When Anupama Krishnakumar and Vani Viswanathan started the online literary magazine Spark in January 2010, they weren’t sure how many issues they would be able to put out into the world. In January 2018, they celebrated eight years of the magazine and in April, their 100th issue will be released.
Putting out a literary magazine every month for eight years has its challenges, especially when running it alongside professional and personal commitments. Each month, the magazine focuses on a theme, ranging from “Navarasas” to “Life Online” to “Shopping”, features writing across genres and is freely available to read without advertising or a subscription fee. In an interview with Scroll.in, the co-founders spoke about their individual understanding of how the magazine has survived, the practical approach to running a non-commercial venture, how they choose what submissions to feature, the pressures of multiple responsibilities, and the changes in creative writing online.
In April, Spark will bring out its 100th issue. What does that milestone mean for the founding editors?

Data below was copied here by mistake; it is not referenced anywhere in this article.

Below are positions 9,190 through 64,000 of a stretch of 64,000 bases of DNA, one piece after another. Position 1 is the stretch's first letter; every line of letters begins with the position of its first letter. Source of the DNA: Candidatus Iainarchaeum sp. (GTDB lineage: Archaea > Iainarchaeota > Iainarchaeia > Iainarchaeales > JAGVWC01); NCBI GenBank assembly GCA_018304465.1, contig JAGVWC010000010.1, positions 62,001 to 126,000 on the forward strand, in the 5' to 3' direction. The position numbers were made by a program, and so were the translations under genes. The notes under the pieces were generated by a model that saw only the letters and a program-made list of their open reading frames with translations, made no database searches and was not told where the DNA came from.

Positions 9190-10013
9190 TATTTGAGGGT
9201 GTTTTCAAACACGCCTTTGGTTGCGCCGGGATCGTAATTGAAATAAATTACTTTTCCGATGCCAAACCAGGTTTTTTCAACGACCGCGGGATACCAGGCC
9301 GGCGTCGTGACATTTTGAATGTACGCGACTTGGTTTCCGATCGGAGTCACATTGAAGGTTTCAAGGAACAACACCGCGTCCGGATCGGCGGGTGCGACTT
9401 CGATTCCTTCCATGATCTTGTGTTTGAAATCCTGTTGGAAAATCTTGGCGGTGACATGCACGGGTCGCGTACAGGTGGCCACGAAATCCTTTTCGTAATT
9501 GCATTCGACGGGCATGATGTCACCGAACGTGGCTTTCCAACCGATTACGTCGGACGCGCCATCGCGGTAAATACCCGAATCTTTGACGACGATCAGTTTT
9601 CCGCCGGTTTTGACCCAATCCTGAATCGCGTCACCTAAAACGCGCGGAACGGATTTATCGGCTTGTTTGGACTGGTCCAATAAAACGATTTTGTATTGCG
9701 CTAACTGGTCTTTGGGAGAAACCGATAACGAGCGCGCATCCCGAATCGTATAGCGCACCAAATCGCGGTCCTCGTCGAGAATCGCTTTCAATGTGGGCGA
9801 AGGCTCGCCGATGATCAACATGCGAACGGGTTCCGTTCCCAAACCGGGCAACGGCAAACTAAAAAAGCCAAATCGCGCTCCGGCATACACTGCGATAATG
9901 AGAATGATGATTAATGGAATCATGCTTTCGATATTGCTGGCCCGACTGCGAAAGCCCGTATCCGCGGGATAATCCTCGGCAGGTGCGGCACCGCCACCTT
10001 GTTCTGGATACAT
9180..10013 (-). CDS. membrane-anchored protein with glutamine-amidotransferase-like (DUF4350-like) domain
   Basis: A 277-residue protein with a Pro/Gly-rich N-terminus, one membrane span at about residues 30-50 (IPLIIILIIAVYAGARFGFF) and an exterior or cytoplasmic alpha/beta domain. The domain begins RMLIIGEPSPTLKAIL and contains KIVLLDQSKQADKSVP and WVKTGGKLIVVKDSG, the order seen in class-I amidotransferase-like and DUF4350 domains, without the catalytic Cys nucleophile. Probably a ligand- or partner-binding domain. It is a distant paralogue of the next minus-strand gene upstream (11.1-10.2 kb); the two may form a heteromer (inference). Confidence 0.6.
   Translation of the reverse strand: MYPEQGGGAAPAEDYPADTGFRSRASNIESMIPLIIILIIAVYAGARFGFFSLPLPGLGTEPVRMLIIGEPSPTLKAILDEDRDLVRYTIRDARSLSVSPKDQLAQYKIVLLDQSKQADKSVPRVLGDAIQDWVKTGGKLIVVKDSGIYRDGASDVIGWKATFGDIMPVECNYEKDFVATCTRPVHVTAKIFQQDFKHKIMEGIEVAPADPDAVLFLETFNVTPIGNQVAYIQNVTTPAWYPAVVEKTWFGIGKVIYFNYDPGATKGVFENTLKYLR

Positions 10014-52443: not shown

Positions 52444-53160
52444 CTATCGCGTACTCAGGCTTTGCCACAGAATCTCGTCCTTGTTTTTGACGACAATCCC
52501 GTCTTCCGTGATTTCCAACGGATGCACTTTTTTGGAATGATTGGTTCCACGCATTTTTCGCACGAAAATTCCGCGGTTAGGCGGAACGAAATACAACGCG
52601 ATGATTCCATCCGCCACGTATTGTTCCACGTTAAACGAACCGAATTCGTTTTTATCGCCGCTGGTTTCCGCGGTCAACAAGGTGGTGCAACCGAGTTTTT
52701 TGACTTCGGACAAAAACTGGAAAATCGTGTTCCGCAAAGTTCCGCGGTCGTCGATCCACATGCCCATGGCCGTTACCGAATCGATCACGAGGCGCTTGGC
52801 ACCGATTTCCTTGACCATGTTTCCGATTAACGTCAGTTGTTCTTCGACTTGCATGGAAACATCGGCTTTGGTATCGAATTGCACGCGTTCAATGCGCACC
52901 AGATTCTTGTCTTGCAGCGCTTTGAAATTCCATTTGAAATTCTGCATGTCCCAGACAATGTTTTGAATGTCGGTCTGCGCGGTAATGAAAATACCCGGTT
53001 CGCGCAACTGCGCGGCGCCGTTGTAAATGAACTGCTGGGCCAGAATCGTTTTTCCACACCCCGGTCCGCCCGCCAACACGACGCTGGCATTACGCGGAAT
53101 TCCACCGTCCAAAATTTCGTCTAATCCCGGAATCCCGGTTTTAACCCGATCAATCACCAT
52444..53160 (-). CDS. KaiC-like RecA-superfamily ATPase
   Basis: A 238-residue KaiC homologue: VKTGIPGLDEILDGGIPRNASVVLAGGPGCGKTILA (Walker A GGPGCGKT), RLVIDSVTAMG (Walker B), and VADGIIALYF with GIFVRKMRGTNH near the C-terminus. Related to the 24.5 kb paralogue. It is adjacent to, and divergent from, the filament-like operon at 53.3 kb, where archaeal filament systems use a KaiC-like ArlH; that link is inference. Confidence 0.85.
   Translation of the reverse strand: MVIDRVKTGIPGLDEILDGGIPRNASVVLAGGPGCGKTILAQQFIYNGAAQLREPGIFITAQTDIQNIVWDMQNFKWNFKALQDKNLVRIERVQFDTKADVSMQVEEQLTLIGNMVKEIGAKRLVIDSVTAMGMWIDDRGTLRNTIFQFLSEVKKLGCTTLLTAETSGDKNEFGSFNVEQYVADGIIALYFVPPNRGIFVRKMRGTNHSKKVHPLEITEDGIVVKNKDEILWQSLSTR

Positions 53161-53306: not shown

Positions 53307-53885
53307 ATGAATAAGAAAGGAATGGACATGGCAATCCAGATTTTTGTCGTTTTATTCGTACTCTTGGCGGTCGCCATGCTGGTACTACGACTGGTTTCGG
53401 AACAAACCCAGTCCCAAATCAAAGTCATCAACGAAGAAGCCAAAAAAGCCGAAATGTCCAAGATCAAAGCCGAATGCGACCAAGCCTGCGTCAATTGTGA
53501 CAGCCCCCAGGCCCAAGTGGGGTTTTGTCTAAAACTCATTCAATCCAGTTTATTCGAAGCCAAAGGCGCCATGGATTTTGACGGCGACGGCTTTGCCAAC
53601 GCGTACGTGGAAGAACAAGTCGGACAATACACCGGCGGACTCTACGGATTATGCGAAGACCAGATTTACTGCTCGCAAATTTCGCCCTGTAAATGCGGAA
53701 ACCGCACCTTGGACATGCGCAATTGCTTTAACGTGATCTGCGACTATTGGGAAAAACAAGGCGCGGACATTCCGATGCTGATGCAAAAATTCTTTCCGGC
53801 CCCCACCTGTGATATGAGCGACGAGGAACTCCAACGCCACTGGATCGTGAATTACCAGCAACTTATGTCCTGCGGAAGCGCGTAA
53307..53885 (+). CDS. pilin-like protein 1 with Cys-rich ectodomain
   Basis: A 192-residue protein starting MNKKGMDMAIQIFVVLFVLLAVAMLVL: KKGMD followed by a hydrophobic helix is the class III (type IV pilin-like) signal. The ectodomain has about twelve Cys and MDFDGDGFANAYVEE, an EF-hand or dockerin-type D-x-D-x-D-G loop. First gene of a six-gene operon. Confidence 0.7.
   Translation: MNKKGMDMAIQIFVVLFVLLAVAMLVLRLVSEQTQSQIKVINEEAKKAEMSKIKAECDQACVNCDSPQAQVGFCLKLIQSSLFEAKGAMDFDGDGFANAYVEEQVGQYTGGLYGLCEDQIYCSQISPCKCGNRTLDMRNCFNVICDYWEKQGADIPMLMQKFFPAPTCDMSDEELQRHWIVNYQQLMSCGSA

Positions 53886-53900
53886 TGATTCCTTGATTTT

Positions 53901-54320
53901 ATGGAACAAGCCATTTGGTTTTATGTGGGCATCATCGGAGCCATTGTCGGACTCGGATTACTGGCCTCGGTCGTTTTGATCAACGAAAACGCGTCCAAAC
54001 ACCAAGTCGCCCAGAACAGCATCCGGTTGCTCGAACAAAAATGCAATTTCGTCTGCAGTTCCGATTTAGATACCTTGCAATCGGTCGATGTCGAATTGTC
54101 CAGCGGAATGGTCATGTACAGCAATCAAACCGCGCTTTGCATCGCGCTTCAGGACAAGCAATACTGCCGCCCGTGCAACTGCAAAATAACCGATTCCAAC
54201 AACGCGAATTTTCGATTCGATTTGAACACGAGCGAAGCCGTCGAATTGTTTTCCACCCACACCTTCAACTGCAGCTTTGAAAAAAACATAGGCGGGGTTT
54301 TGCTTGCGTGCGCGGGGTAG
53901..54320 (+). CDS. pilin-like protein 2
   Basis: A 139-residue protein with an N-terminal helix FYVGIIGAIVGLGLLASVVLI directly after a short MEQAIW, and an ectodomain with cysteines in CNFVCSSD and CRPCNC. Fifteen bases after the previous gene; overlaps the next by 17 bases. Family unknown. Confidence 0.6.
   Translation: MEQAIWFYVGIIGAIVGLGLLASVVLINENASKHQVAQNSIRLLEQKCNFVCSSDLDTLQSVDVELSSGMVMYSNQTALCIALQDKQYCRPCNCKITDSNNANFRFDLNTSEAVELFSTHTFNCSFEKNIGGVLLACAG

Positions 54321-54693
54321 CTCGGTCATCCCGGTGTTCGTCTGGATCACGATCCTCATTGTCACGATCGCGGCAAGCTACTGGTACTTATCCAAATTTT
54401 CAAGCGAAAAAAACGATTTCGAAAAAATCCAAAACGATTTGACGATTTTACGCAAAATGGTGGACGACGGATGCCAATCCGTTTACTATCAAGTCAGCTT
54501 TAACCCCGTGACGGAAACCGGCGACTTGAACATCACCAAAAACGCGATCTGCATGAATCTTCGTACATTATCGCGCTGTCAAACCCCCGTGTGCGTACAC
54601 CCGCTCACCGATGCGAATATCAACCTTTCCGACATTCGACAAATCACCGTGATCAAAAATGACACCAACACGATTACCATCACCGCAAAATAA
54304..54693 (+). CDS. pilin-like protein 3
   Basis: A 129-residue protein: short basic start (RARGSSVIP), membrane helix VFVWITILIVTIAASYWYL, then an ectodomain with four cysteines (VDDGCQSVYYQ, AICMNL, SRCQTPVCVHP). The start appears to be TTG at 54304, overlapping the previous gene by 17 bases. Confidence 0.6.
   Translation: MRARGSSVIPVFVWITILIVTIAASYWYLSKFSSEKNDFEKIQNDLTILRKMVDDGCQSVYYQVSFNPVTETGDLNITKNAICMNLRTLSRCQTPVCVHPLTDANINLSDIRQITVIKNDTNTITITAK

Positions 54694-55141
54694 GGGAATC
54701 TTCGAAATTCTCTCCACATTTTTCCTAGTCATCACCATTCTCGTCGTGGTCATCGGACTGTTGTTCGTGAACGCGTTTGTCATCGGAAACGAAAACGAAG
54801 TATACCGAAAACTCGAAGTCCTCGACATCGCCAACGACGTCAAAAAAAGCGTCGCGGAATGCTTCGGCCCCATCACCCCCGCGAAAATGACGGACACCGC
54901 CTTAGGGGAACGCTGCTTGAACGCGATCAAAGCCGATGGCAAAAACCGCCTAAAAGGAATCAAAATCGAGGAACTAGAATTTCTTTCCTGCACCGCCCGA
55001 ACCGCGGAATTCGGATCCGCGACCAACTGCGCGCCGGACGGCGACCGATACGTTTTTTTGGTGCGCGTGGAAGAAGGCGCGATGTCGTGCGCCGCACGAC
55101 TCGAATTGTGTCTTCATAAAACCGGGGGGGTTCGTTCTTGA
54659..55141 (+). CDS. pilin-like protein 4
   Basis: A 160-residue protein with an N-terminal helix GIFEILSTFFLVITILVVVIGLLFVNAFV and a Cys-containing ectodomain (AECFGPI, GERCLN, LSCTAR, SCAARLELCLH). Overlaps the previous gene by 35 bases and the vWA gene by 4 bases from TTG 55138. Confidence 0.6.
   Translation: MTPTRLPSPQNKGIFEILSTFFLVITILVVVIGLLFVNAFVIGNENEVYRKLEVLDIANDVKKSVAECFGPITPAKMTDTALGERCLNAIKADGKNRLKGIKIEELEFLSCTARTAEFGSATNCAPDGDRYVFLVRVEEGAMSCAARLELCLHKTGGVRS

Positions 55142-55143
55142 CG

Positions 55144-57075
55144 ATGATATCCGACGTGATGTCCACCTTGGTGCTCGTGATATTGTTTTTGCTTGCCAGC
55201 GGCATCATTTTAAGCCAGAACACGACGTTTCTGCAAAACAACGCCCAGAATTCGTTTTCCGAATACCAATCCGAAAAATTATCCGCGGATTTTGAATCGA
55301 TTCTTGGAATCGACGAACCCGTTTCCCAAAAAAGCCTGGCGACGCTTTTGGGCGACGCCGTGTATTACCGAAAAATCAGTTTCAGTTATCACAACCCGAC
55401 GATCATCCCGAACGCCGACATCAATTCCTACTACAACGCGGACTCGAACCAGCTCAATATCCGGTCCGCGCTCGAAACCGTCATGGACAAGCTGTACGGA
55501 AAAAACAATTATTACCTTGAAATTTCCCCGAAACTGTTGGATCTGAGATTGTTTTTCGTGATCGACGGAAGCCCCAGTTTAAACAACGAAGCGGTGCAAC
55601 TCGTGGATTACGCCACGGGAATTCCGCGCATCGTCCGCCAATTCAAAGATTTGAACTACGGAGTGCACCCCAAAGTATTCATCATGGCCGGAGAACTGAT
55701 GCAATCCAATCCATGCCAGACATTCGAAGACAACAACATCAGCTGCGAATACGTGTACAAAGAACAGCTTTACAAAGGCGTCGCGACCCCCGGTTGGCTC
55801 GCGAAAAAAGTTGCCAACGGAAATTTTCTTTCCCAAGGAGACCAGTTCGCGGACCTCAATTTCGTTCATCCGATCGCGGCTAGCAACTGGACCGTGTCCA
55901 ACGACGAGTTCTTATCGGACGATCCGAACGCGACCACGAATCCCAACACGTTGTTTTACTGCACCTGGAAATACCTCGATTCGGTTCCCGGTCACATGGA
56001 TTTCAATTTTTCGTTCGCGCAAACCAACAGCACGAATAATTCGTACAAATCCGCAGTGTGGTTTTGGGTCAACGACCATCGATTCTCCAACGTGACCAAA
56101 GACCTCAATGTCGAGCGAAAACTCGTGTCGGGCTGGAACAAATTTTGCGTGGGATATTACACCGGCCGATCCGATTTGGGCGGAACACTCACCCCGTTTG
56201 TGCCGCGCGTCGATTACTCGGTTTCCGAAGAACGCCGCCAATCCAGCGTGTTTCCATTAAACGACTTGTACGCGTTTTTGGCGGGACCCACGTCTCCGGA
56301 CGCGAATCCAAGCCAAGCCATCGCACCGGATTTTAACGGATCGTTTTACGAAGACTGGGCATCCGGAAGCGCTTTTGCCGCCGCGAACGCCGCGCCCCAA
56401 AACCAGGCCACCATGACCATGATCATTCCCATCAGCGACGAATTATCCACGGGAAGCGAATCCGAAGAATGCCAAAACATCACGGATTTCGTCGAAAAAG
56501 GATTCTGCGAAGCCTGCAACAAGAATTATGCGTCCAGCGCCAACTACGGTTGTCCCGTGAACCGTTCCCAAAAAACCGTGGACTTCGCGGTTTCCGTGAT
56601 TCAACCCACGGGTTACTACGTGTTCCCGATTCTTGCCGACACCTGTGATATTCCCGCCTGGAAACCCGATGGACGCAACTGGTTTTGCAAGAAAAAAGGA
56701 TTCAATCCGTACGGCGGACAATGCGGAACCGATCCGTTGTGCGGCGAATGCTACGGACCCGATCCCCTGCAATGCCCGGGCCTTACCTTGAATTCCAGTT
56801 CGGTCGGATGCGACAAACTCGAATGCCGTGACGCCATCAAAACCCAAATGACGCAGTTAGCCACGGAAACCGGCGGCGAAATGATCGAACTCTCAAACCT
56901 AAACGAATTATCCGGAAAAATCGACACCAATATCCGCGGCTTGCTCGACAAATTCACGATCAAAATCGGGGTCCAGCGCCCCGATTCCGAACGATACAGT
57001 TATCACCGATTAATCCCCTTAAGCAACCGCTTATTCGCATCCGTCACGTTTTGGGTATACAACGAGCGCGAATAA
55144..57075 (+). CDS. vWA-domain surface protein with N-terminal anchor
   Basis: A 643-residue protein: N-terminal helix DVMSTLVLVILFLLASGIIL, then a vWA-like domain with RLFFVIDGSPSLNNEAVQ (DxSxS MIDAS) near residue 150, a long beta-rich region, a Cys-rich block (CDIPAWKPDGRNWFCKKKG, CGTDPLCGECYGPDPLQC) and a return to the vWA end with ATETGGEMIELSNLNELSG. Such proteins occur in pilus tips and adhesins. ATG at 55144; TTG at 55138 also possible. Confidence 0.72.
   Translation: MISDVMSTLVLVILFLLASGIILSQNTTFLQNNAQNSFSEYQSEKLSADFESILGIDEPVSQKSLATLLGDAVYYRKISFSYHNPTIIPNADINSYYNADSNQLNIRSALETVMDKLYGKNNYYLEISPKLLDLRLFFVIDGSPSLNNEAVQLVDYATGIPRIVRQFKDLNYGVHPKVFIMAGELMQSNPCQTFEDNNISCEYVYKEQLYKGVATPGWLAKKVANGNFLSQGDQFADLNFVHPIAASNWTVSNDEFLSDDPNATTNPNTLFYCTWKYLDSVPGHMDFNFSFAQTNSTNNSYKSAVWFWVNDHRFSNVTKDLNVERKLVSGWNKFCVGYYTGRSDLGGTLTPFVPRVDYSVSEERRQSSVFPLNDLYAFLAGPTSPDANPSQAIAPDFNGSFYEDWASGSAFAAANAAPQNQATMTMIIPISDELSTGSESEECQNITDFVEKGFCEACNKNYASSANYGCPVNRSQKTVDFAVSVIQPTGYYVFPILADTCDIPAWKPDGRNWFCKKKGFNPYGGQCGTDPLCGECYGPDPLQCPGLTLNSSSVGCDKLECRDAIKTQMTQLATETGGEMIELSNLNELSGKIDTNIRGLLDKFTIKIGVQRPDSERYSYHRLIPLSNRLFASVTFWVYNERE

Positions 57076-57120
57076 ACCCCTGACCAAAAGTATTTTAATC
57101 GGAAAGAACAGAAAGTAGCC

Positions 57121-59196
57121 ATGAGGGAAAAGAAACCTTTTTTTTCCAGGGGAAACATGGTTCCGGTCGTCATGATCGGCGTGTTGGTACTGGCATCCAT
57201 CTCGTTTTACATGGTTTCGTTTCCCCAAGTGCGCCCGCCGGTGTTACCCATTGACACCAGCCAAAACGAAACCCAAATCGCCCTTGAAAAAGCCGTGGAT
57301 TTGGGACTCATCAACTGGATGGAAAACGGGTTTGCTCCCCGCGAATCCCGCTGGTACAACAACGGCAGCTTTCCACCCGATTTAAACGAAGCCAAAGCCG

Anupama Krishnakumar (AK): We are over the moon! This is definitely a very special moment for us. When we started out in 2010, reaching 100 issues seemed like a distant dream, and now that we are here, it feels surreal. We are grateful to our amazing contributors and readers who have shown faith in us through the years. We look back at our journey with a great sense of satisfaction, and at our body of work with immense pride. Coming this far makes us hopeful that there’s still an audience that seeks out quality literary writing at a time where good writing is increasingly falling prey to diminishing attention spans and mediocre content. It makes us look forward to carrying on with Spark for as long as we can.